President of the Day

Handy Presidents 2e
ISBN: 9781578593170

Which president ran a newspaper?

  • His father-in-law hated him.
  • He had to check himself into a sanitarium at least five times.
  • His great-uncle was a chaplain at a Wisconsin prison.
  • He had freed socialist presidential candidate Eugene Debs, arrested under the Sedition act.

Warren G. Harding

What newspapers did Harding work for?

Harding first worked as a reporter for the Marion Mirror. With his father's financial assistance, Harding bought the Marion Star with two friends. He later bought out his two associates, and ran the newspaper with his wife. The daily newspaper became a success. Harding also started a weekly newspaper devoted to political issues. The Weekly Star became a platform for Harding to support causes of the Republican Party.

Why did her father oppose the marriage?

Florence's father, Amos Kling, did not like Harding for at least two reasons. First, Harding had written critical editorials of Kling's real estate and money lending practices. But Kling also heard rumors that Harding, who was from a pro-abolitionist family, had African-American blood. By this time, Harding was in the newspaper business and a rival publisher spread the rumor about his heredity. Kling yelled a racial slur at Harding on a public street and threatened to harm him if Harding married his daughter. Many years later, in 1907, Kling apologized for his treatment of his son-in-law and paid for a lengthy European tour for the couple.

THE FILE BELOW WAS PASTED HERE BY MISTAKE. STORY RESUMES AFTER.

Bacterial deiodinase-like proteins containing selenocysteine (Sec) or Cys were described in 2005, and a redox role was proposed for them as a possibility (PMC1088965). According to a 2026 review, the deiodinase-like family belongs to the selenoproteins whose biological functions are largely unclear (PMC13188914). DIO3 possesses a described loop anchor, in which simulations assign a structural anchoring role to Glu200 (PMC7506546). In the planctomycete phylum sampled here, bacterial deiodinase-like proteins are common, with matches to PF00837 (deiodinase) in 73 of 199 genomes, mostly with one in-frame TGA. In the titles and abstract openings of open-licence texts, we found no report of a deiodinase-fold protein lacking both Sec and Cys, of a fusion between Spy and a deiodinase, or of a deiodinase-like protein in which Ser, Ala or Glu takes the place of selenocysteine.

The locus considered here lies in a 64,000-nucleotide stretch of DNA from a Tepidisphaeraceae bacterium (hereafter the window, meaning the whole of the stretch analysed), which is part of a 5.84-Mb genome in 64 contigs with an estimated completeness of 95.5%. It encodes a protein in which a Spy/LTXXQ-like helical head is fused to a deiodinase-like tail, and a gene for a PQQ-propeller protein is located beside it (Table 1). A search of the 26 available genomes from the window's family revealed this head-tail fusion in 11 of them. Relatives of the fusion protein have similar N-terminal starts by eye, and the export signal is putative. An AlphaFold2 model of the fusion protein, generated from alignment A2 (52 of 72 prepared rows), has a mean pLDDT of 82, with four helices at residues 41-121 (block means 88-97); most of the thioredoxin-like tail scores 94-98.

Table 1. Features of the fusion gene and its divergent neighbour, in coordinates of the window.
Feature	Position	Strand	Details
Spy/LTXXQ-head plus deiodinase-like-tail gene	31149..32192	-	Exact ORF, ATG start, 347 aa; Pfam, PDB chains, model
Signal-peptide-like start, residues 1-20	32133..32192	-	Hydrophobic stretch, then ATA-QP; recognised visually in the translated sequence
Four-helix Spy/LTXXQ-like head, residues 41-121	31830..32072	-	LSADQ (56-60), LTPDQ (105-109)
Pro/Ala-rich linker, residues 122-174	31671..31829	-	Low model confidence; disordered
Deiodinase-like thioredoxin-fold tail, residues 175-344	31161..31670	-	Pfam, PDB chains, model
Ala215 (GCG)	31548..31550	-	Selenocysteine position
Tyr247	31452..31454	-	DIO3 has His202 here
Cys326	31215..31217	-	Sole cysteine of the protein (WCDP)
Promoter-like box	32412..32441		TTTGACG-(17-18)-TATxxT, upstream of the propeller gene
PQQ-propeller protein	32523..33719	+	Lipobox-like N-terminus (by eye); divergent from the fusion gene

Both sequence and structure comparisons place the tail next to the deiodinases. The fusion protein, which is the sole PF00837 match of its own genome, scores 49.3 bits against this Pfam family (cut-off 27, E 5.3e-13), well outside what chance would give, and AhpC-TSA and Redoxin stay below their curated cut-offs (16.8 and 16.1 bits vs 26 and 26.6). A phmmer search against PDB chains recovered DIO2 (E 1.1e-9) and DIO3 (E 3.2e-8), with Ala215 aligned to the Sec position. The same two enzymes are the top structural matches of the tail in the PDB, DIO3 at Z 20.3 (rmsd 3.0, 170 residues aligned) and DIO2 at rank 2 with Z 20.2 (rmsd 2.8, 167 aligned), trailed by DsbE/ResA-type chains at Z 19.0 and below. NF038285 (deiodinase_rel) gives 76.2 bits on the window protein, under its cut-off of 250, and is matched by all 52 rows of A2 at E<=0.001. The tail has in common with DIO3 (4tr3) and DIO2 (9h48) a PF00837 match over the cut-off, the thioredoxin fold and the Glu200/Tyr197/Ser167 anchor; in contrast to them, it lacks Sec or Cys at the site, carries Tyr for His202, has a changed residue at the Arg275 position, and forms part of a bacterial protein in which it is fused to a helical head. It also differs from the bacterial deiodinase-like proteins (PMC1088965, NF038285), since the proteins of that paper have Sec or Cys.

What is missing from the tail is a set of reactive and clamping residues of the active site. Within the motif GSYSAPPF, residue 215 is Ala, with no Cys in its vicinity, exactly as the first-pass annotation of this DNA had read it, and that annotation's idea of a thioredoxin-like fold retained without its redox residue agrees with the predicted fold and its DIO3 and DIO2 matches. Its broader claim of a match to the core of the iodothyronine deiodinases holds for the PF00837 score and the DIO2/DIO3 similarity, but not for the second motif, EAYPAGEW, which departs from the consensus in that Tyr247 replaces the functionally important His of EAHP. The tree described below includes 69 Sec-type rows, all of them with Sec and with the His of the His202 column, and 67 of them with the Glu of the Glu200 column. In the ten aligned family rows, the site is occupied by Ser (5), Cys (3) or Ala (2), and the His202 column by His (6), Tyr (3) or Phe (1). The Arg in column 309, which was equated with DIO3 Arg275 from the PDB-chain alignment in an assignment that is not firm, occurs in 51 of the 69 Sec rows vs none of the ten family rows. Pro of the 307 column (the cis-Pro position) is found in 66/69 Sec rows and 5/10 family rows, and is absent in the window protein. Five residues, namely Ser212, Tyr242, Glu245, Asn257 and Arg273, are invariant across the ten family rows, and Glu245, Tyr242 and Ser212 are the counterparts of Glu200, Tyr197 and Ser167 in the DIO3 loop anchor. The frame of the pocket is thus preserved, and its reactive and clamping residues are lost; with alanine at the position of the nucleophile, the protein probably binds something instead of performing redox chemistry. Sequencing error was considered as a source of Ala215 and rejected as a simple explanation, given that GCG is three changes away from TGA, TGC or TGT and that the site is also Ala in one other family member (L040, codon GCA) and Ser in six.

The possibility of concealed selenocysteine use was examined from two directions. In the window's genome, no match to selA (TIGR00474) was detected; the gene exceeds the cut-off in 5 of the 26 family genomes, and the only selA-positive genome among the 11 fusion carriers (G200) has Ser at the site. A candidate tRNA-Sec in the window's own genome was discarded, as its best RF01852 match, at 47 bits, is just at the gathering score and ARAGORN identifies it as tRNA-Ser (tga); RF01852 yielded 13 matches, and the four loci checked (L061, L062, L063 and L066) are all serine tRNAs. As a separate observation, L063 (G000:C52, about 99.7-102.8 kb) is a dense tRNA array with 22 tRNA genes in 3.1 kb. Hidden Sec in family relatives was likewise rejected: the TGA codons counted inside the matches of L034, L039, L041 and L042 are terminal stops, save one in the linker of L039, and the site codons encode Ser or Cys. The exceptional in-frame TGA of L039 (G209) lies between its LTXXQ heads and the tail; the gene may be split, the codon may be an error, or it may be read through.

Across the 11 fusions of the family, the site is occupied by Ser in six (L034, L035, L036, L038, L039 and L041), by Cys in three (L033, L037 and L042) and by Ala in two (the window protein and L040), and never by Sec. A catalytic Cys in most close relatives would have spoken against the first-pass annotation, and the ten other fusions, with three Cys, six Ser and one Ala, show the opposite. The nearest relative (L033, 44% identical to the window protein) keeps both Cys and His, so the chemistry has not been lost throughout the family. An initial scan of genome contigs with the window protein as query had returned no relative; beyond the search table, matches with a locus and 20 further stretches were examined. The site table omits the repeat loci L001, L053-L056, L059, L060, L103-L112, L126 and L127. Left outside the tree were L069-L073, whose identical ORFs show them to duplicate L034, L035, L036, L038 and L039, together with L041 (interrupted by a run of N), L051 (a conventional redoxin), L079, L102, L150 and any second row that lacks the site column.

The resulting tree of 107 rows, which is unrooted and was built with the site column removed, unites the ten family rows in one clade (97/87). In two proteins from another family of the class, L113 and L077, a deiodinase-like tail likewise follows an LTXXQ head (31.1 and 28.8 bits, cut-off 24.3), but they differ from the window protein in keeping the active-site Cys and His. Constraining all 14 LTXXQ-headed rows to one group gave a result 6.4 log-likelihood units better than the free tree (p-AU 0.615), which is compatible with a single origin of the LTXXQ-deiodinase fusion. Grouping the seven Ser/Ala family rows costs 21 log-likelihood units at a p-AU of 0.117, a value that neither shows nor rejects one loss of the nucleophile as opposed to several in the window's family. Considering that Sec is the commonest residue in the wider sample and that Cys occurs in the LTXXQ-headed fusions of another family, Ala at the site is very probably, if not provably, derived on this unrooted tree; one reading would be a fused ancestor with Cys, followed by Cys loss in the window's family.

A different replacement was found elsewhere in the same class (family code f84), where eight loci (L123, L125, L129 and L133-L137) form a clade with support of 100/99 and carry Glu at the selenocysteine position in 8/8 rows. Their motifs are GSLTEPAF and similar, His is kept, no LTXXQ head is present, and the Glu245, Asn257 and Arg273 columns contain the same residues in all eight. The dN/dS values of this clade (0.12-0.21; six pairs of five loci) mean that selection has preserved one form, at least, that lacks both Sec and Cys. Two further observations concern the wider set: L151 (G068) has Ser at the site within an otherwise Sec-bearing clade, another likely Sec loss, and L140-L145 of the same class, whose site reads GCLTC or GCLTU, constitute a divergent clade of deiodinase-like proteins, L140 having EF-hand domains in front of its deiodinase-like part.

What health issue did Harding face in the early 1890s?

Harding had to place himself in a sanitarium in Battle Creek, Ohio, because of a nervous breakdown in 1890. He went back to the sanitarium at least five times, because he had frayed nerves and a nervous stomach.

Who was his great-uncle?

Warren Gamaliel Harding was a Methodist chaplain at a Wisconsin prison.

What famous political figure did Harding grant clemency to while president?

Harding freed Eugene Debs, the prominent labor organizer and Socialist candidate for president, who had vigorously dissented and protested U.S. involvement in World War I. Harding ordered that Debs be freed for time served, but did not grant him an official pardon. Harding also freed many others who had been convicted under the Sedition Act of 1918.

From The Handy Presidents Answer Book, Second Edition by David L. Hudson, Jr., JD., (c) Visible Ink Press(R) More than 1,600 things you never knew about our nation's leaders

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